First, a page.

Tacloban, Philippines — Update: Authorities expect a “very high number of fatalities” after Super Typhoon Haiyan, one of the strongest on record devastated central-coastal Philippines, cutting communications and severely damaging an airport in one of the hardest-hit regions.
A senior regional police official and a city administrator in the typhoon-ravaged Tacloban city in the central Philippines say the death toll there could reach 10,000 people, according to the Associated Press.
Earlier — One day after Super Typhoon Haiyan ripped through the Philippines, officials expect that the death toll will reach 1,200 or more, with the vast majority killed in Tacloban.
“We estimate 1,000 people were killed in Tacloban and 200 in Samar province,” said Gwendolyn Pang, who is the secretary general of the Philippine Red Cross. The two coastal areas where Haiyan hit first Friday across the archipelago, have been hit the worst.
The Red Cross said it would have more precise numbers for the media by Sunday, but the government’s official toll as of Saturday evening was 138 dead, 14 injured and 4 are missing.
But in reality, experts say that it will take days to get the full scope of the damage wrought by a typhoon described as one of the strongest to make landfall in recorded history.
“Probably the casualty figure will increase as we get more information from remote areas, which have been cut off from communications,” said Tomoo Hozumi, a UNICEF representative for the Philippines.
The storm affected 4.3 million people in 36 provinces, and mass casualties happened despite government preparations, including the evacuation of more than 800,000 people.
On Saturday, local Philippines time, there were more than 330,000 people who were in 1,223 evacuation centers, prompting the government to accept a U.N. offer of international aid.
The National Risk Reduction and Management Council said more than 70,000 families were affected, and nearly 350,000 people have been displaced — both inside and outside evacuation centers. The typhoon has literally destroyed thousands of houses, said the Management Council.
Tacloban has, a city of roughly 220,000 people, by far suffered the greatest amount of devastation, said Lt. Jim Aris Alago, who is an information officer for Navy Central Command. “There are numbers of undetermined casualties found along the roads.”
Thus far, officials have already found more than 100 bodies on the streets of the coastal city, which is depicted above in pictures taken by CNN correspondents.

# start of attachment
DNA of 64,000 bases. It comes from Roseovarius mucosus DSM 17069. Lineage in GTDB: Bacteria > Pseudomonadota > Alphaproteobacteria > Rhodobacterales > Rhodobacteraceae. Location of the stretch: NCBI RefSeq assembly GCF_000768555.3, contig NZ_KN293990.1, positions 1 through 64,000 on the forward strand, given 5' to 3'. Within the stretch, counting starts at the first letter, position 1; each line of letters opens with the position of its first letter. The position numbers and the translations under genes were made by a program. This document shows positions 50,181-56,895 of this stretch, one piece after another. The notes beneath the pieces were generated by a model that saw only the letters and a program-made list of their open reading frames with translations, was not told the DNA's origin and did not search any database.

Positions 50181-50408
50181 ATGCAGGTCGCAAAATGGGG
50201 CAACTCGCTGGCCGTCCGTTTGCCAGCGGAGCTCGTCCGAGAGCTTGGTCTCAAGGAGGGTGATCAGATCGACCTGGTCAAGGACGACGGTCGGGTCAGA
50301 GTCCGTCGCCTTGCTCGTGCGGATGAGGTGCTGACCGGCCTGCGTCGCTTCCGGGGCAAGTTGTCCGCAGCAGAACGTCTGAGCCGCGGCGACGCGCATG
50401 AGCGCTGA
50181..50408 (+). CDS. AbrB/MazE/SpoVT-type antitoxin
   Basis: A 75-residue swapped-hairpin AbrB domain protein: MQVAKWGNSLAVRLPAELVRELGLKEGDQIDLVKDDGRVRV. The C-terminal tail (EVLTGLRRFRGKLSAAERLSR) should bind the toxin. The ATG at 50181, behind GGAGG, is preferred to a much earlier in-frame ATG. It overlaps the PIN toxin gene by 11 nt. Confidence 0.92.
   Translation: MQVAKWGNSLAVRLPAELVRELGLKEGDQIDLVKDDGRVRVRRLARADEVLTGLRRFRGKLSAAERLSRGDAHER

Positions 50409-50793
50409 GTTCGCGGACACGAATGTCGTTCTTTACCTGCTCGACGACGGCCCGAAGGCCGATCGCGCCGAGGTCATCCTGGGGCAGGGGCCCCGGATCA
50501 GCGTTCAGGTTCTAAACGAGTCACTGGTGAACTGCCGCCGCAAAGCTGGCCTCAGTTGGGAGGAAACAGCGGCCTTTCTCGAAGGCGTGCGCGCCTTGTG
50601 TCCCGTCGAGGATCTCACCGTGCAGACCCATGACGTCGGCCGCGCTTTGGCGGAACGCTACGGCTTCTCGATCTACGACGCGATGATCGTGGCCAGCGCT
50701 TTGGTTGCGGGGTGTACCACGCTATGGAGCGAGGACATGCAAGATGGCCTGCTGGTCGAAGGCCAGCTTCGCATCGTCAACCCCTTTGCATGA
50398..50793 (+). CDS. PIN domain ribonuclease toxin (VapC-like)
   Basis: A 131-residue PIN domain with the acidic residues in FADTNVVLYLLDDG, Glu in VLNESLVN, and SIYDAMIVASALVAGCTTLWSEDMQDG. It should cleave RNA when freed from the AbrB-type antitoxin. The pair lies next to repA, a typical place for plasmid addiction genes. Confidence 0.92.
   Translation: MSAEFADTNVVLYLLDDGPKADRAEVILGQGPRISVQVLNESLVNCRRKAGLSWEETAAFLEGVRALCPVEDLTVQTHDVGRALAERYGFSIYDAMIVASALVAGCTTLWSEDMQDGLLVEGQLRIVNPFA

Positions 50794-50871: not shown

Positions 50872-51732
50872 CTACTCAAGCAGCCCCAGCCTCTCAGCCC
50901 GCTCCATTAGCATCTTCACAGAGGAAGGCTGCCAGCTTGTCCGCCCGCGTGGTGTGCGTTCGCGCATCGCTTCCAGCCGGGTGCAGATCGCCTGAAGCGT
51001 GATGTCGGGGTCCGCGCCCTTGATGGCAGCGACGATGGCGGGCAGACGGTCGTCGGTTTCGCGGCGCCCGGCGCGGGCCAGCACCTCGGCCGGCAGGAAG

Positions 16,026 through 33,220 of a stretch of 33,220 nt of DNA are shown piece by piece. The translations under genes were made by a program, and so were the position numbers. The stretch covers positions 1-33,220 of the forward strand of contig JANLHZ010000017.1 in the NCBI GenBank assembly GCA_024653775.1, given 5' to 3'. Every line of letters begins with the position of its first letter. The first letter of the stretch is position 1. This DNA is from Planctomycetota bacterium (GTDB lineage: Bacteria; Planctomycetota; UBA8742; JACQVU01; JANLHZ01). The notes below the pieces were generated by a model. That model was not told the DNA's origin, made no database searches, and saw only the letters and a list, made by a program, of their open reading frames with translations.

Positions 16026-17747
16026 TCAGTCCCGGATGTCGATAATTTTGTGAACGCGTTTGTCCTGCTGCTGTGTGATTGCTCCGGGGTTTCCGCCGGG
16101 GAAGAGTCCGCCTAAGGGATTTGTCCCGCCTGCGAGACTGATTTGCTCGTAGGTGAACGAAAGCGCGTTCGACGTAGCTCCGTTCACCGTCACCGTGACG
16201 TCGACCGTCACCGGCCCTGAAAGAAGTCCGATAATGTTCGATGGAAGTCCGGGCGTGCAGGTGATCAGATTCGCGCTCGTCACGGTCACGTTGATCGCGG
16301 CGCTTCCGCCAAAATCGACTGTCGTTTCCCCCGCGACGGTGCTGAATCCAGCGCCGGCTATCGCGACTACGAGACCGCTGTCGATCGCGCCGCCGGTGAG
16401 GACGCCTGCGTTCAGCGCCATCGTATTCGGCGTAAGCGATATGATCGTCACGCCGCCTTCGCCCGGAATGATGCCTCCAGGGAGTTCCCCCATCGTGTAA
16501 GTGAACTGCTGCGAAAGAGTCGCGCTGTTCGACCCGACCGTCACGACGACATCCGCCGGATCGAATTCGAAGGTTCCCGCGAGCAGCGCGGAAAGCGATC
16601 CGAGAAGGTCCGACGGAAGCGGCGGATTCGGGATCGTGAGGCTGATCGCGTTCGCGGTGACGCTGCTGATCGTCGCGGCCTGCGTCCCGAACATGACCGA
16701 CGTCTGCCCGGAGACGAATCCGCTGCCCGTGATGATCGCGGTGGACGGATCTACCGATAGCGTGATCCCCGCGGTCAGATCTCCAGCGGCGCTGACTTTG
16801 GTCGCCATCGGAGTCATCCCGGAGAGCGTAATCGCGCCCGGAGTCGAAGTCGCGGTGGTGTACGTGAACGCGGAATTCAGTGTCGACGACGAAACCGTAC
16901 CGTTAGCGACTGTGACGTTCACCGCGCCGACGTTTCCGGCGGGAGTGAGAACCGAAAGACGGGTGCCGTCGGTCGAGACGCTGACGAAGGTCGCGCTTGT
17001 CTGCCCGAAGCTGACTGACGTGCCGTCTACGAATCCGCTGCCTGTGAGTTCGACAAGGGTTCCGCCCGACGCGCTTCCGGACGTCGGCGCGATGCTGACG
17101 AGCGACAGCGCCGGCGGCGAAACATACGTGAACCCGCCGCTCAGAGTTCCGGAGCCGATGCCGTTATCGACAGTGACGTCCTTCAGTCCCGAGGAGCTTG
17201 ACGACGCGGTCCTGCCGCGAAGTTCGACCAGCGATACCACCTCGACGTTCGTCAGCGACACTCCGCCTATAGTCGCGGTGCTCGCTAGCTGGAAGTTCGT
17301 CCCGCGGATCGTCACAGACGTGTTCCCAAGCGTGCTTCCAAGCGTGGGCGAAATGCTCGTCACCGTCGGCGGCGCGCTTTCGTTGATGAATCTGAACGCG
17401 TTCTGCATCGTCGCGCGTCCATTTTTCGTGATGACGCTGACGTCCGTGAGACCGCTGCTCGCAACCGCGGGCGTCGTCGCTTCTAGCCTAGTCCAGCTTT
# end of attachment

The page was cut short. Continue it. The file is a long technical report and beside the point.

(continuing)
“We expect the greatest number of casualties there,” Alago said.
Capt. John Andrews, deputy director of the national Civil Aviation Authority, said that another 100 Tacloban residents were injured.
The speed of the storm — which was 41 mph — actually minimized what could have been far more devastation. Still, many bodies were found in open as others emerged from their homes, including several at a chapel, which CNN reported one woman wept over.
The Philippine Red Cross succeeded in getting its assessment team in to Tacloban, but logistical challenges have prevented the Red Cross from getting its main team of aid workers and equipment to the city of Tacloban, says Philippine National Red Cross Chairman Richard Gordon.
“We really are having access problems,” he said. The city’s airport was shut to commercial flights, and it would be three days before a land route was open, so organizers were considering chartering a boat for the 1½-to-2-day trip, he said. “It really is an awful, awful situation.”
People’s Pundit Daily will continue to update readers on the situation, but as you may imagine, a lot of people need a lot of things, including basic provisions.
World Food Programme spokeswoman Bettina Luescher, said the U.N. group was pooling together its global resources to send enough food to feed 120,000 people. “These high-energy biscuits will keep them alive,” she said.
She said, the world body was also dispatching IT teams and telecommunications equipment to help other humanitarian groups to coordinate their efforts once they actually reach the difficult to reach area.
She noted that much of the infrastructure — including basic roads, bridges, airports, and ports — have likely been destroyed or damaged and that the government could use help with logistics.
Luescher pleaded for financial support from the international community and directed those wishing to donate to http://wfp.org/typhoon.
“Those are families like you and me, and they just need our help right now,” she said.